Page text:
Central Banks across global markets have raised lending rates to curb inflation. So has India, but our challenges have been different and difficult. RBI has indeed done a good job, in checking both ends.
In common parlance, inflation implies a general increase in prices and fall in the purchasing value of money. The simplest and classic definition of inflation for about a hundred years has been “too much money chasing too few goods”. The inflationary spiral stems from high oil prices, disruptions in supply chain, particularly post Ukraine war, reduced production of goods, surge in wage bills and excessive deficit financing.
Almost all central banks hiked rates since April 2022 with the cumulative hikes being US 450 bps, Hong Kong 450 bps, Canada 400 bps, UK 350 bps, and Australia 350 bps. Such successive policy rate hikes by central banks pushed the treasury bills and bond rates quite steeply and the transmission to lending rates was faster than before. While the Fed Chief maintained that inflation control occupied overriding priority, the liquidity crisis in SVB, Signature Banks and credit stress issues leading to take over of Credit Suisse disrupted the financial system globally. Fed softened its stand with an increase of 25 bps in March and domestically the RBI paused. BoE and ECB through their continued aggressive stand on rate increase could not reverse the overarching negative sentiment in the financial system.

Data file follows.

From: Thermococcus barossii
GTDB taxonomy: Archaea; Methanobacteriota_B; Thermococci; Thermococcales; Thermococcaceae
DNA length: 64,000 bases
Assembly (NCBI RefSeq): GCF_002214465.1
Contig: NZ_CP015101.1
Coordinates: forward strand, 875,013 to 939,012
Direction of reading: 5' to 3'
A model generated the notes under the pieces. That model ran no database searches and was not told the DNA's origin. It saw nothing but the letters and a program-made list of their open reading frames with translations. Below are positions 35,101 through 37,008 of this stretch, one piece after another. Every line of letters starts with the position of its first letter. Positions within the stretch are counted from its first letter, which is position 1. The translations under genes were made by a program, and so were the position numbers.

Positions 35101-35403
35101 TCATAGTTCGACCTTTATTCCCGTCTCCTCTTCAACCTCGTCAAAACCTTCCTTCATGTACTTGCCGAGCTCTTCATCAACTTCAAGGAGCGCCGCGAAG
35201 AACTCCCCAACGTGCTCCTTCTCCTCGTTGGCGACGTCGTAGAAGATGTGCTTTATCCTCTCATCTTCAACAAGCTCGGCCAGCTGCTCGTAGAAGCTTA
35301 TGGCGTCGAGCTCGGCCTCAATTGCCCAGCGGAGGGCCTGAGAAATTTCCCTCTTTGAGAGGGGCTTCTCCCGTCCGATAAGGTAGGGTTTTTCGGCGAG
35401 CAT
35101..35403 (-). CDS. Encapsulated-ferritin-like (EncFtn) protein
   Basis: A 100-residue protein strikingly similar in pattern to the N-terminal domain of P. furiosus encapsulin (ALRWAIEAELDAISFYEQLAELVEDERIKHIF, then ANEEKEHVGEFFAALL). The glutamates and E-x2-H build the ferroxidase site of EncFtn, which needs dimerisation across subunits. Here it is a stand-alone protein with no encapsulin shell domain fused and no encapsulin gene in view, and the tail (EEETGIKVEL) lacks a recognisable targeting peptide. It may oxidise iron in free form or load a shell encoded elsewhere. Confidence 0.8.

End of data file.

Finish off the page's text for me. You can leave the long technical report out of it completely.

The broad objectives of monetary policy in India relate to maintenance of a reasonable degree of price stability and adequate expansion of credit to foster faster growth. The Preamble to the RBI Act, 1934 defined RBI’s objective “to regulate the issue of Bank notes and the keeping of reserves with a view to securing monetary stability in India and generally to operate the currency and credit system of the country to its advantage”. In line with this thought, the Urijit Patel Committee’s report held: “Drawing from the review of cross-country experience, the appraisal of India’s monetary policy against the test of outcomes and the recommendations made by previous committees, the Committee recommends that inflation should be the nominal anchor for the monetary policy framework. This nominal anchor should be set by the RBI as its predominant objective of monetary policy in its policy statements. …Subject to the establishment and achievement of the nominal anchor, monetary policy conduct should be consistent with a sustainable growth trajectory and financial stability”.